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Office for iPad

Nuspieds

Active Member
Methinks there's a little bit of overreaction going on here.

I, too, agree that I would like to see Microsoft keep whatever edge it can with regards to the Surface vs. the iPad. As a contrasting example, take iTunes: Apple isn't stepping up to the plate to produce a Windows 8 version of iTunes.

That being said, one has to remember that there are basically two different markets for Office:
  1. Desktop Office
  2. Online Office
When it comes to Desktop Office (Wintel and MacOS), MS basically owns that market, so no real competitive threat for them to worry about. The Surface and Surface Pro have this version of Office, so they are not late or last to the game.

When it comes to Online Office, however, there is competition for them to worry about. Consequently, it makes good business sense for them to create an iOS product that seamlessly integrates with their online offerings. Doing this, however, does not take away from the capabilities of the Surface devices to use Desktop Office and/or Online Office.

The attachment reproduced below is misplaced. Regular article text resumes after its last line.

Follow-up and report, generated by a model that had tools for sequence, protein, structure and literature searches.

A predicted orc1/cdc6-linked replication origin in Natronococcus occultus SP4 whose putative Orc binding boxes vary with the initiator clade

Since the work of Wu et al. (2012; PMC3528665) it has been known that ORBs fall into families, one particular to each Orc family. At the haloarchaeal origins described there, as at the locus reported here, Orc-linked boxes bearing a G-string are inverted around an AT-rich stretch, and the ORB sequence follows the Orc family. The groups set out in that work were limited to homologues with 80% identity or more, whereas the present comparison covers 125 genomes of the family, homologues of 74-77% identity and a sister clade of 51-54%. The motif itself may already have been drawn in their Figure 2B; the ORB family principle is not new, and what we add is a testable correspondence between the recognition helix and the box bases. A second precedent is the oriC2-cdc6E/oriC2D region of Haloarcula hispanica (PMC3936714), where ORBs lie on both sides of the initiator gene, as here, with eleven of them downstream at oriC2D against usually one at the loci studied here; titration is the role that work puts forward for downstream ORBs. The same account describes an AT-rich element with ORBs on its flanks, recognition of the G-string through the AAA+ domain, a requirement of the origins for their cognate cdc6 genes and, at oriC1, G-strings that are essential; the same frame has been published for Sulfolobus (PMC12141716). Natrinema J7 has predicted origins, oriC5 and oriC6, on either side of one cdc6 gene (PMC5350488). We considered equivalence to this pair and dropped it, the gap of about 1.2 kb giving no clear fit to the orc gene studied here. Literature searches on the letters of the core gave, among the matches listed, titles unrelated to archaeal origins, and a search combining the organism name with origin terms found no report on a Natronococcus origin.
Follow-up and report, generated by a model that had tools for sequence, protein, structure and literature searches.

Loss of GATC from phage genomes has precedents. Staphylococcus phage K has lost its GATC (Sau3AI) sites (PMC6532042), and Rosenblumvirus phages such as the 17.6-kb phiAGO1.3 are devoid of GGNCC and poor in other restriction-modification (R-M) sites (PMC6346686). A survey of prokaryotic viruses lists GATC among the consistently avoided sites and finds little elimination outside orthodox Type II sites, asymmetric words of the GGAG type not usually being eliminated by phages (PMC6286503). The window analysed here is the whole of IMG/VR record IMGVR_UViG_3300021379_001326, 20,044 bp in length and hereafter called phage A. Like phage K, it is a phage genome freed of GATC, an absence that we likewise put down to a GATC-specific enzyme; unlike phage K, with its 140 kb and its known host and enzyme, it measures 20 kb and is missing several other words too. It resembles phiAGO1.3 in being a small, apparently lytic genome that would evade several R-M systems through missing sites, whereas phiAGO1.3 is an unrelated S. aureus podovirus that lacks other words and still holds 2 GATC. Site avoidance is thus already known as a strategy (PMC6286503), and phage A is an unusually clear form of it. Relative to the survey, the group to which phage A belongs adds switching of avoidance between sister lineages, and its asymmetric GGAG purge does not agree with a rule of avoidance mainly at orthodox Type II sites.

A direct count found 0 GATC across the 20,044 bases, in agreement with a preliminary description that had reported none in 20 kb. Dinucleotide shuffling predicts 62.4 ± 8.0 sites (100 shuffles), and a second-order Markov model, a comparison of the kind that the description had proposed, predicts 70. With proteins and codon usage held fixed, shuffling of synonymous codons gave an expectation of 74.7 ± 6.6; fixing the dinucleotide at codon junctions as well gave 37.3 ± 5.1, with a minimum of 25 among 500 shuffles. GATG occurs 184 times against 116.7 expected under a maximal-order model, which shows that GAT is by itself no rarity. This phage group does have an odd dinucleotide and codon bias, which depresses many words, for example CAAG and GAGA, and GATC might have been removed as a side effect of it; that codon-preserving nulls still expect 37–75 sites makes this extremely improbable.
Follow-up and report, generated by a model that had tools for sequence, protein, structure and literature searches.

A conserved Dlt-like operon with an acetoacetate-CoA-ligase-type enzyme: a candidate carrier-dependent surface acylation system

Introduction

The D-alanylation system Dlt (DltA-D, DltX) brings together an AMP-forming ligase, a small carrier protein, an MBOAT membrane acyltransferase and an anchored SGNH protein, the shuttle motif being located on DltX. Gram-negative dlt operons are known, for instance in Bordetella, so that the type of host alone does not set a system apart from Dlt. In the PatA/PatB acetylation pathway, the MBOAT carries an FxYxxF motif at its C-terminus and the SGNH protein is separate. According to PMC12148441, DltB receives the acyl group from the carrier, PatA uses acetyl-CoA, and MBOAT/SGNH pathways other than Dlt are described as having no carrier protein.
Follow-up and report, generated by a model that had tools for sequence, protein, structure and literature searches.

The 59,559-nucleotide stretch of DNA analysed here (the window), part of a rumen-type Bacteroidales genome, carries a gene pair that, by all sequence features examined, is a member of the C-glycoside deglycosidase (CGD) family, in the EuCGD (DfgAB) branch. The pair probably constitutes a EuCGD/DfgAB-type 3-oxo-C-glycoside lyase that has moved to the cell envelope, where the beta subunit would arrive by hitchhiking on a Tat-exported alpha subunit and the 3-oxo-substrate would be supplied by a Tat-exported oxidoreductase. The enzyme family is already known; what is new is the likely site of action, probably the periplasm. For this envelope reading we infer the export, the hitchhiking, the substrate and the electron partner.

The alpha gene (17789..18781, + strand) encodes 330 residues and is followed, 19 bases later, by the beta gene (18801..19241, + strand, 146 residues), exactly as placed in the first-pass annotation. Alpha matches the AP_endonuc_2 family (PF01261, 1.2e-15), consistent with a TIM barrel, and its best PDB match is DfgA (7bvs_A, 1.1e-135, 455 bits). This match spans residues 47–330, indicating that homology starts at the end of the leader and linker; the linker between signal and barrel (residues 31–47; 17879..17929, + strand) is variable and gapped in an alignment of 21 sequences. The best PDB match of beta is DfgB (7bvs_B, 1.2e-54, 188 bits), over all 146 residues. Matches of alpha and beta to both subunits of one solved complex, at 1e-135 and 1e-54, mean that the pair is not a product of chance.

What has yet to be released by MS is a fully-functional, touch-based version of Desktop Office. Now, if that were to be released on iOS prior to Windows 8, then I'd be kicking and screaming. The bottom line is that the only tablet that offers native Desktop Office is the Surface/Win8 tablets; all others have to either use a web browser or web-integrated apps to work with Online Office.

I do not need an Office 365 subscription to create and edit Office documents on my Surface Pro--and I don't want, need nor am I interested in an Office 365 subscription. If I only owned an iPad, however, I couldn't say that, now could I?

When you take a step back and put things into context, you see that the Surface line still maintains its competitive edge, Office-wise, over the iPad.
 

oion

Well-Known Member
Methinks there's a little bit of overreaction going on here.

When you take a step back and put things into context, you see that the Surface line still maintains its competitive edge, Office-wise, over the iPad.